The next evolution in wireless communication, 5G is a hot topic in tech circles. And, after years of hype, it was announced last week that the UK finally has a 5G network.
But what actually is it?
The history of mobile internet connectivity
5G is the fifth-generation of mobile internet connectivity. Previous generations were:
- 1G. First introduced in Japan in 1979, the first generation of wireless cellular technology (which wasn’t called 1G at the time) used analogue signals to transfer voice information. While undoubtedly ground-breaking, 1G wasn’t at all secure
- 2G. The next generation of wireless cellular technology was digitally encrypted. 2G also made text messages, picture messaging and multi-media messaging possible (SMS and MMS)
- 3G. Offering increased internet speeds, 3G made mobile internet and video calls possible
- 4G. This is the current standard in mobile phone technology. And, compared to 3G, it offers significantly increased download and upload speeds. 4G is needed to support many of the functionalities that modern smartphones offer.
How is 5G different?
In the dawn of the Internet of Things, more and more devices are coming online. At the same time, such devices are becoming increasingly sophisticated. In response, a new generation of connectivity is now required.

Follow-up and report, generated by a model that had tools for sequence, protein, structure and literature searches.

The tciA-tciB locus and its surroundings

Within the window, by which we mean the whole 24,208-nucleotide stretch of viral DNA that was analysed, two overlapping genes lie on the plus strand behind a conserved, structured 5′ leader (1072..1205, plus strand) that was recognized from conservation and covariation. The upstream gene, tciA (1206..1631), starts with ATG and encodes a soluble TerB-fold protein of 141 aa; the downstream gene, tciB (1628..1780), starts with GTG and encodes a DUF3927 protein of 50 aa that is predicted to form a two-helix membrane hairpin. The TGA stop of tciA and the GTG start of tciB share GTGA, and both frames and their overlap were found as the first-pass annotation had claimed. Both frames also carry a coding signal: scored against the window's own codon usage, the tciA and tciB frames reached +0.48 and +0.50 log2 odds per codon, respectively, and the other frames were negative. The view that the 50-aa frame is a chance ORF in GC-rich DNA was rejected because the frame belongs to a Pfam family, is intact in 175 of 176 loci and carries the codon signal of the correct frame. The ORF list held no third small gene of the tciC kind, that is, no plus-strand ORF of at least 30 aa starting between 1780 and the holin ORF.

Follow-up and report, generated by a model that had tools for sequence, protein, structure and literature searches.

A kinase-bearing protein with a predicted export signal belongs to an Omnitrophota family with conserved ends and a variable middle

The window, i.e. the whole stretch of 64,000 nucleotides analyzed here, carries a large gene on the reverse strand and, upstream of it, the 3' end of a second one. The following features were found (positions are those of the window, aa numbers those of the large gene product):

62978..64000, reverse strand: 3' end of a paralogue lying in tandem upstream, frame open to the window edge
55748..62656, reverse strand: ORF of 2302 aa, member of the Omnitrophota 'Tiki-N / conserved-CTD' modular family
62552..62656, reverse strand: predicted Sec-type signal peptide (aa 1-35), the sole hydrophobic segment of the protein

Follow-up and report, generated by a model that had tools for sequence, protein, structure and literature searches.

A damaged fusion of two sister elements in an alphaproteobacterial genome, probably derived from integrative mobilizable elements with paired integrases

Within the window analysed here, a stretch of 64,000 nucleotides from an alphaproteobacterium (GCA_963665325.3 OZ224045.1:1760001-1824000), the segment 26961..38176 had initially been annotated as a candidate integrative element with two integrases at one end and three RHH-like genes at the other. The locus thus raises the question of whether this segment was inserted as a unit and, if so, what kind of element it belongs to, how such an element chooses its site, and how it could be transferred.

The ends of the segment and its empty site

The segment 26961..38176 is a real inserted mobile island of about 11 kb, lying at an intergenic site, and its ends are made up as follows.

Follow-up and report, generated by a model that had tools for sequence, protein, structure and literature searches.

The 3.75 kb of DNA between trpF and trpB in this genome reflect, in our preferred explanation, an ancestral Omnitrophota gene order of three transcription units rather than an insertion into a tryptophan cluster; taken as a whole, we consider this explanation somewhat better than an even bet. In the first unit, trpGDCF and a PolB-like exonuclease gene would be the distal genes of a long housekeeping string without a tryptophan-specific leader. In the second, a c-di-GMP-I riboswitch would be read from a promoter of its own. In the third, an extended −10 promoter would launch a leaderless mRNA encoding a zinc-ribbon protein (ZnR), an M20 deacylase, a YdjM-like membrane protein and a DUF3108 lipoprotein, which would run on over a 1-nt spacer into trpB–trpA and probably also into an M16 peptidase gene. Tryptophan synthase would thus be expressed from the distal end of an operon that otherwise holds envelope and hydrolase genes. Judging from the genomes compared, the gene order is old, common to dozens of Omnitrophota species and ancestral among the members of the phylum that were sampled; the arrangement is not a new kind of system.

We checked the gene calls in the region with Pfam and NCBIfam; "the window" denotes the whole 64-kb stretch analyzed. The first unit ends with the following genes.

What are the benefits of 5G technology?
5G promises to deliver:
- Much faster download and upload speeds
- Wider coverage
- More stable internet connections.
In fact, according to the BBC, Ofcom suggests that, in time, 5G could offer speeds of 20Gbps, That’s fast enough to download an ultra-high definition 4K movie in less time than it takes to read its description. So 5G is the key to a superfast mobile internet.
But the reality is that many of the benefits probably aren’t even apparent to us yet.
How revolutionary is 5G?
The combination of fifth generation cellular and cloud technologies could be game-changing. In fact, 5G is essential to creating a world in which everything is connected. And where those connections are both secure and instantaneous. So, over the next decade, 5G is likely to impact every single industry.
“Imagine you’re sitting at a red traffic light. The light turns green, allowing you to proceed. As you take your foot off the brake, however, your car senses that a vehicle approaching the intersection is moving too fast and will likely run the red light. In response, your car applies the brakes to keep you safe as the scofflaw blasts through the intersection.
Your car didn’t see the other vehicle using motion sensors or cameras, which is how today’s crash-avoidance systems work. Instead, your car was talking to the other car wirelessly via 5G. It knew the direction of travel, the speed, and whether or not the driver was braking. Your car saved your life thanks to the power of 5G.”
And, while 5G will not change the world drastically in a matter of months, make no mistake that we are at the start of a new digital era.
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